I opened the page index (button at the bottom left of the screen) to quickly skim the addresses for the page to see if Throop was there. I didn't take the time to look at all the entries but I did notice something important. It looks like the index was created through optical character recognition and--very understandably--the software wasn't able to read all of the street names accurately. For example, I'm sure "XVashington Boul" was really "Washington Blvd." You can search for an address using the Keyword field but the search is only as good as the index. 

Are Ancestry and Fold3 directory offerings the same? 

In short, no. Although both sites offer many of the same volumes, they each have unique offerings as well. The run at Fold3 seems more complete but Ancestry has directories for later years that aren't on Fold3 and, as far as I know, aren't available on Family History Library microfilm. Ancestry also has Illinois directories for places outside of Chicago.

I created a quick comparison chart which can be viewed here: Chicago Directories on Fold3/Ancestry

I was particularly interested in the three later directories available at Ancestry so I took a closer look at those.

1930: There are two links. One leads to the Chicago Central Business and Office Building Directory, 1930 and the other leads to the 1930 Chicago Summer Telephone Directory. The business directory includes the names of both individuals and companies and the telephone book is just as you'd expect. 

1945: The link reads "Chicago Address List." This appears to be a hand-typed reverse directory showing street address and residents. At quick glance, it appears to include adults heads of household, including spouses. No occupations or employers are mentioned.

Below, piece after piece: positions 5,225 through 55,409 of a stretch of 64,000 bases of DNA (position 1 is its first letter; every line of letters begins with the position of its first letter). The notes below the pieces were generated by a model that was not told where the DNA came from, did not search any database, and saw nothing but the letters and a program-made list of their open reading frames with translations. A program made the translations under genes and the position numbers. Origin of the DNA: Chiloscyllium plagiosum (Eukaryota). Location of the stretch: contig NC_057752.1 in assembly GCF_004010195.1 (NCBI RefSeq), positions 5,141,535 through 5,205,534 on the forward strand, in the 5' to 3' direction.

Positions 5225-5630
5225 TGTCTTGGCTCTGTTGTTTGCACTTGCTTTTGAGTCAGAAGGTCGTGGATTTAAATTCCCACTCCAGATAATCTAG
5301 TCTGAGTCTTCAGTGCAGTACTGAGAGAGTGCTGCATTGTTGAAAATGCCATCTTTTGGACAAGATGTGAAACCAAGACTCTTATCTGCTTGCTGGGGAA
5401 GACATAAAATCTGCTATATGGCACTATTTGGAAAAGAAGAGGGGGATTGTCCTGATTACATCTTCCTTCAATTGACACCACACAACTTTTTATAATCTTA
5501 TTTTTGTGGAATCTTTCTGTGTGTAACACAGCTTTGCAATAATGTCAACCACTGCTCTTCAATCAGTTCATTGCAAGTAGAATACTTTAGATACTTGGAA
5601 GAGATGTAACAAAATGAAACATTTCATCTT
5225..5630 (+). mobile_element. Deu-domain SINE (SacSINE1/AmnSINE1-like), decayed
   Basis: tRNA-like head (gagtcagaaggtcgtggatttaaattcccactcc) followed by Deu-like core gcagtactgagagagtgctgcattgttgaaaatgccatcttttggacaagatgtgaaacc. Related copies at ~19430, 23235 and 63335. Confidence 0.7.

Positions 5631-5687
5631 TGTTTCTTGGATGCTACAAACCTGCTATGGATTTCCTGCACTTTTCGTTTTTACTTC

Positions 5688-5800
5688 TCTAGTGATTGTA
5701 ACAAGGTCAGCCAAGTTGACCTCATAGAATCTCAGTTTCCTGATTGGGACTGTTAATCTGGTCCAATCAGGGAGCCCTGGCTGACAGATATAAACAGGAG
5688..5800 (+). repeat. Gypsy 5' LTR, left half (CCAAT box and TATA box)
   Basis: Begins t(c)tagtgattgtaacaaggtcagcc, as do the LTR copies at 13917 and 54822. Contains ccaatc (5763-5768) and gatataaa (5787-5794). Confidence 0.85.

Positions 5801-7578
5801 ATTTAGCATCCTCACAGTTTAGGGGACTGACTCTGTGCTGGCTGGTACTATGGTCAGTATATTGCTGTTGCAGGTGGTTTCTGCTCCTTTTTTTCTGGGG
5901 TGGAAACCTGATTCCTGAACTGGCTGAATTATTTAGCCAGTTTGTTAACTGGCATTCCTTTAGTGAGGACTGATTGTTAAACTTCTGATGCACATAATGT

1947: The link reads "Chicago South-West Street Guide" and the volume includes "All Streets South of Madison Street and West of State Street Listed in Alphabetical Order; All House Numbers in Numerical Order Showing All Occupants of Each House."

Some additional comments on Chicago directories

Lastly, just a few observations from my experience using the Chicago city directories for whatever they're worth.
  • Newspaper research leads me to believe that at least some of the directories were canvassed in the spring and printed in the summer. Knowing that is sometimes helpful.
  • Late entries are often included in the front.
  • Lists of organizations including churches, cemeteries, schools, and orphanages, are usually in the front.
  • Businesses are usually listed in the back but they're included in the main part of the directory, too.
  • An index to advertisers may be available.
Writing this blog post has taught me one thing -- there's a lot to know about searching city directories. If you notice something I've missed or something I don't have quite right, please leave a comment and share.

Wednesday, October 08, 2014

The Chicago Fire: The Smith Family's Experience